H.R.5980 - Bring Jobs Back to America: Strategic Manufacturing & Job Repatriation Act111th Congress (2009-2010)
|Sponsor:||Rep. Wolf, Frank R. [R-VA-10] (Introduced 07/29/2010)|
|Committees:||House - Energy and Commerce; Judiciary; Ways and Means; Financial Services; Transportation and Infrastructure; Science and Technology|
|Latest Action:||08/10/2010 Referred to the Subcommittee on Technology and Innovation. (All Actions)|
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Summary: H.R.5980 — 111th Congress (2009-2010)All Bill Information (Except Text)
Introduced in House (07/29/2010)
Bring Jobs Back to America: Strategic Manufacturing & Job Repatriation Act - Directs the Secretary of Commerce to create a comprehensive national manufacturing strategy to increase overall domestic production, create private sector jobs, and identify emerging technologies to strengthen American competitiveness and comparative advantages.
Requires the Secretary to: (1) identify U.S. firms maintaining facilities and jobs outside the United States; and (2) establish multiple Repatriation Task Forces to promote repatriation (return of a job or facility from a foreign country location to a U.S. location) in accordance with established targets for job repatriation and manufacturing growth.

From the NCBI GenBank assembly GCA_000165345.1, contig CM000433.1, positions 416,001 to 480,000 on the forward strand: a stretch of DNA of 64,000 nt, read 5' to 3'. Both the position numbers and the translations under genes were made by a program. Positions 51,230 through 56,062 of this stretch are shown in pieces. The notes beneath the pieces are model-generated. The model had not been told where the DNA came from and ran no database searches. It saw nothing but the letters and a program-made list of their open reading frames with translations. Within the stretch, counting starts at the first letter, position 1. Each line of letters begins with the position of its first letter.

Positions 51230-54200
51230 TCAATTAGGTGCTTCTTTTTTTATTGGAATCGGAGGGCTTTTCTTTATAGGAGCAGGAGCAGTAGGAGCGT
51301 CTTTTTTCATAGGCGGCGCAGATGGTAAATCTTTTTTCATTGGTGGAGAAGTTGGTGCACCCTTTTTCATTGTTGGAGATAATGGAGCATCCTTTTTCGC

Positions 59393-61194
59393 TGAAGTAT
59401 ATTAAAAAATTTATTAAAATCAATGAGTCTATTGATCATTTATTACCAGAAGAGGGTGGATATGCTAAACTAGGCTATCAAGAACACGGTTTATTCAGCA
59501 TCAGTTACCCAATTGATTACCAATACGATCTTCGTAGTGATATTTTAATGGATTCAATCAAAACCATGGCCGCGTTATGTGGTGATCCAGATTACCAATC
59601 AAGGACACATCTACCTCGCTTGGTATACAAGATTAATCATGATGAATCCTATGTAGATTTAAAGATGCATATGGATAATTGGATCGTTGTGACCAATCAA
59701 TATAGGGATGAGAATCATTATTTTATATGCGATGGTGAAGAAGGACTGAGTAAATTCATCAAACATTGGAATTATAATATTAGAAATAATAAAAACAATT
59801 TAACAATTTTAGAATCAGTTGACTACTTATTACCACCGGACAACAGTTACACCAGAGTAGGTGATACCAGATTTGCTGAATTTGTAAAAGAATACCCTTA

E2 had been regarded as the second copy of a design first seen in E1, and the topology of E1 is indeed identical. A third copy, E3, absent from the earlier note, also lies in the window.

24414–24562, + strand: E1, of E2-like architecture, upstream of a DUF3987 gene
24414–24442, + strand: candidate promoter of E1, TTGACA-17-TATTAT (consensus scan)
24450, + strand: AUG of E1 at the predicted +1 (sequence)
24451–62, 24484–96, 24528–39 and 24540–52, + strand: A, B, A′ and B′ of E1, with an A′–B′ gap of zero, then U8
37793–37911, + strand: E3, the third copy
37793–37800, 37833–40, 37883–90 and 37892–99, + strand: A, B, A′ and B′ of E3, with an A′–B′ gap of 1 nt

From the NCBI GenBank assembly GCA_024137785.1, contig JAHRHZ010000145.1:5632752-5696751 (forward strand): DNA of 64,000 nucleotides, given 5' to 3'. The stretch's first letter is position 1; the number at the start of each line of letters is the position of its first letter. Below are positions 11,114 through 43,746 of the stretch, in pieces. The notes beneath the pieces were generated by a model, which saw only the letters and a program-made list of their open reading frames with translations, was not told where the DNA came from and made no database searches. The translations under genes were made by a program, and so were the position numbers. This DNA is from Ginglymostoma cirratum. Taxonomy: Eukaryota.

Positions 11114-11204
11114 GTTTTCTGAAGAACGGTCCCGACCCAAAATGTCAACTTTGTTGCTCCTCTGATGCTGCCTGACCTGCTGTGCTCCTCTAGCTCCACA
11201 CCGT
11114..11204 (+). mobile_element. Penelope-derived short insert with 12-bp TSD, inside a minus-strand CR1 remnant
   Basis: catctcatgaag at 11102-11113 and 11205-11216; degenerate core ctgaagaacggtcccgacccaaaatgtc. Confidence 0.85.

Establishes the American Economic Security Commission to study and report to Congress on policy relating to American competitiveness and technology-based planning to bolster it.
Directs the Secretary, in conjunction with the Commissioner of Internal Revenue, to study and report to Congress on the impact and feasibility of a tax incentive to encourage firms to repatriate jobs back to the United States.
Amends federal patent law to revise requirements regarding the publication of patent applications. Requires abstracts (short summaries of inventions) included with patent applications (instead of the patent applications themselves, as under current law) to be published 18 months after the earliest filing date of the application.
Repeals certain requirements relating to: (1) submission of a redacted copy of an application; and (2) procedures to prevent protest and pre-issuance opposition to the grant of a patent.
Requires the Director of the U.S. Patent and Trademark Office to give priority to the examination of a patent application by an institution of higher education or a patent holding company affiliated with such an institution.